d o c o m o m o l o u i s i a n a is a regional chapter of an international committee dedicated to the

documentation and conservation of the buildings, sites and neighborhoods of the modern movement

Monday, April 12, 2010

Thomy Lafon Elementary Headed for Demolition; Hope Remains for Salvage and Documentation

The latest in a long series of FEMA consultation meetings concerning Thomy Lafon Elementary School took place on March 24, 2010 at the Garden Study Center in City Park.

Designed by Curtis and Davis and completed in 1954, Lafon was nationally hailed as a model in progressive school design. The building stands at 2601 Seventh Street at the former center of the Magnolia Street Housing Project, recently demolished to make way for the Harmony Oaks housing development. Though the school was in operation until Hurricane Katrina and did not flood, from the outset the Recovery School District has been adamantly opposed to its reopening and has sought FEMA money to raze the building. This proposed use of federal funds for demolition has triggered the Section 106 process as established in the 1966 National Historic Preservation Act. The act requires that properties to be affected by such plans be evaluated for their historic worth to mitigate harmful affects to significant structures. Lafon was deemed eligible for the National Register of Historic Places last June by FEMA and the State Historic Preservation Office, embroiling the building in further controversy as interested parties lobby either for or against its demolition.

Unfortunately, the question of Lafon’s preservation has been rendered virtually obsolete by a bizarre twist of fate taking most of those involved by complete surprise. Recent research has shown that the building stands on land once occupied by Locust Grove Cemeteries #1 and #2, roughly active from the 1860s through the 1890s. Though it seems that some bodies were relocated prior to the construction of the first Lafon School in 1905, historic accounts and recent archaeological work indicate that remains are still interred on the site. This brings into play the Louisiana Unmarked Burial Sites Preservation Act and the Louisiana Cemetery Act. These dictate that the site not be used in any way inconsistent with cemetery use, though oddly enough, precedents have been set for using unmarked cemetery lands as parks or playgrounds. Lafon could legally be converted into a mausoleum, but current zoning laws and the wishes of Harmony Oaks’ residents make that option highly unlikely.

News of the cemetery legislation first hit in December 2009, and the March meeting was largely dedicated to reviewing the draft Memorandum of Agreement between FEMA and consulting parties. MOAs establish a course of action to be taken with a specific property; in this case, the draft outlines how Lafon cannot legally or feasibly be reused and, by default, will be demolished. Two DOCOMOMO US/Louisiana representatives were present, architect Wayne Troyer of Wayne Troyer Associates and intern Lindsey Derrington of Tulane’s Masters in Preservation Studies program. Both suggested revisions to the MOA which would soften this loss. Mr. Troyer proposed salvaging some part of the building and incorporating it into the playground which will likely be built on the site, including the preservation of the Jack Hastings climbing sculpture which was commissioned in conjunction with the school. After SHPO representatives raised concerns that the MOA called only for Historic American Building Survey-level photographs of Lafon which would not be submitted to the Library of Congress, Miss Derrington suggested that Tulane students could volunteer service hours to execute full-scale HABS drawings. Those present at the meeting were receptive to both ideas, and DOCOMOMO US/Louisiana looks forward to working with FEMA and the Recovery School District to retain as much as possible of this incredible building, and to ensure that it receives the documentation that it deserves.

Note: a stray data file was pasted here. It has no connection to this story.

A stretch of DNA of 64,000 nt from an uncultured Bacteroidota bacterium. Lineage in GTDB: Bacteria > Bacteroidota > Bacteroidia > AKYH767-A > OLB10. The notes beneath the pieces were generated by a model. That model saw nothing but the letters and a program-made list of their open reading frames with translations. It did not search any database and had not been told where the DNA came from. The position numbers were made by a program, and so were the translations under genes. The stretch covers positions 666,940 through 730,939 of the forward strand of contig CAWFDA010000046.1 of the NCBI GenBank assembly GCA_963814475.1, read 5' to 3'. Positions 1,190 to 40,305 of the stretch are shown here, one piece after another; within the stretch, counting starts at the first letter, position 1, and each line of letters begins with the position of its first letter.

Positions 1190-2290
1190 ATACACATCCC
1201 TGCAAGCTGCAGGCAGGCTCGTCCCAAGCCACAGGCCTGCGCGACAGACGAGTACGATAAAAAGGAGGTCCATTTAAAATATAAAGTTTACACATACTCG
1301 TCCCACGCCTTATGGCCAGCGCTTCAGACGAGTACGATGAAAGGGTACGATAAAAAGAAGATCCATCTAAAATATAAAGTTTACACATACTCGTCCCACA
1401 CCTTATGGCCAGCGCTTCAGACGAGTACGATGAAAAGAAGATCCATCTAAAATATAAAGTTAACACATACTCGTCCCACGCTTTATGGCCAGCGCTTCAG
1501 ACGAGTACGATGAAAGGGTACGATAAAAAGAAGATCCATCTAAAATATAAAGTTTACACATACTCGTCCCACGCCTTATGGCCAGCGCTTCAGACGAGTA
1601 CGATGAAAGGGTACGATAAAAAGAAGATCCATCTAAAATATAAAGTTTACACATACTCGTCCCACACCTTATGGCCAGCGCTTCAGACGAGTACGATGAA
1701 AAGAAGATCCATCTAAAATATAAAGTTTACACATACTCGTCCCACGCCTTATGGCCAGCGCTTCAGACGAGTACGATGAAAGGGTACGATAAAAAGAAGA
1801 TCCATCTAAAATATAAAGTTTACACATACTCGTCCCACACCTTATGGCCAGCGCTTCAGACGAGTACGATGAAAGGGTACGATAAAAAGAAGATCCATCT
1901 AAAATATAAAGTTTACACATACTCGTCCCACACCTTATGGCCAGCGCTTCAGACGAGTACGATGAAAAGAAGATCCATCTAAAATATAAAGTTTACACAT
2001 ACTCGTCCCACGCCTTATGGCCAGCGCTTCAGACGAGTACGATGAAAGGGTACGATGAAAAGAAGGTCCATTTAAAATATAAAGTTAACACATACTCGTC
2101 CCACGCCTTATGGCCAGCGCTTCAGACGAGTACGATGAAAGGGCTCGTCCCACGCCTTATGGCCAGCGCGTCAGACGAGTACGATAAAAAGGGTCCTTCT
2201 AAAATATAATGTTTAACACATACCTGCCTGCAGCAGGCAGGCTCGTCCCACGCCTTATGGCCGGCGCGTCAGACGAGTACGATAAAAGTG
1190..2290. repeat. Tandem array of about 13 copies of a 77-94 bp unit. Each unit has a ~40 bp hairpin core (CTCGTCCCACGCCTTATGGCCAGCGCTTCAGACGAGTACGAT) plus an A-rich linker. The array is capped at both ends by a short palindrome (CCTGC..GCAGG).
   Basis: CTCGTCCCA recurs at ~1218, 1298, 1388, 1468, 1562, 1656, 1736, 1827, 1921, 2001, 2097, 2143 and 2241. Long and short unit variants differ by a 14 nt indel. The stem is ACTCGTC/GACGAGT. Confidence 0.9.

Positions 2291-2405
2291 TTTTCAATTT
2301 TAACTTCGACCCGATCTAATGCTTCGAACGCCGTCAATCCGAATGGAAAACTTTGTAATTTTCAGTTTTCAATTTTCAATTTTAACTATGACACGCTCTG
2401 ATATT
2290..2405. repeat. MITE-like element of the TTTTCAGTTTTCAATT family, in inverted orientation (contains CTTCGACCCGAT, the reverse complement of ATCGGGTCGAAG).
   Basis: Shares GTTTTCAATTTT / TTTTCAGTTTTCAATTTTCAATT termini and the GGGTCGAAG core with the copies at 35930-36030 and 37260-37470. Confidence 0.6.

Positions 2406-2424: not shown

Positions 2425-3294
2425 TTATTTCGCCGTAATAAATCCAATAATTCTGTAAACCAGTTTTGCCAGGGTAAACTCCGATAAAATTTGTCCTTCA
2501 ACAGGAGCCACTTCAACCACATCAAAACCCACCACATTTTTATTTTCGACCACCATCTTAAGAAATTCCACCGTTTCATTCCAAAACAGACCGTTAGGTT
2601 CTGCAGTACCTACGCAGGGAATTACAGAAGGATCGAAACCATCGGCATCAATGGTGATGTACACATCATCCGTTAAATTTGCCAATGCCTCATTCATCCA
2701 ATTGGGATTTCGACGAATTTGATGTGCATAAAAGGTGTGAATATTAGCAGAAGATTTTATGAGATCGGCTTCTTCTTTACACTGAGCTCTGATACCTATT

1 comment:

  1. I was a student at Tomy Lafon Elementary School from 1946-1952. I lived on the South side on Sixth Street and Magnolia Avenue. My First Grade Teacher's name was Mrs. Anderson if memory serves me. Then on to Mrs Demessmy my Third grade Teacher. Then Mrs. Prout my Fifth grade teacher and to Mrs Scott my Sixth grade Teacher. They were all my favorites. I remember the cemetery and witnessed some excavations where a gun was found. I was about 7 or eight years old at the time. The school was a masterpiece in design, I was awestruck at the architecture to my young mind at the time while living in the Magnolia Projects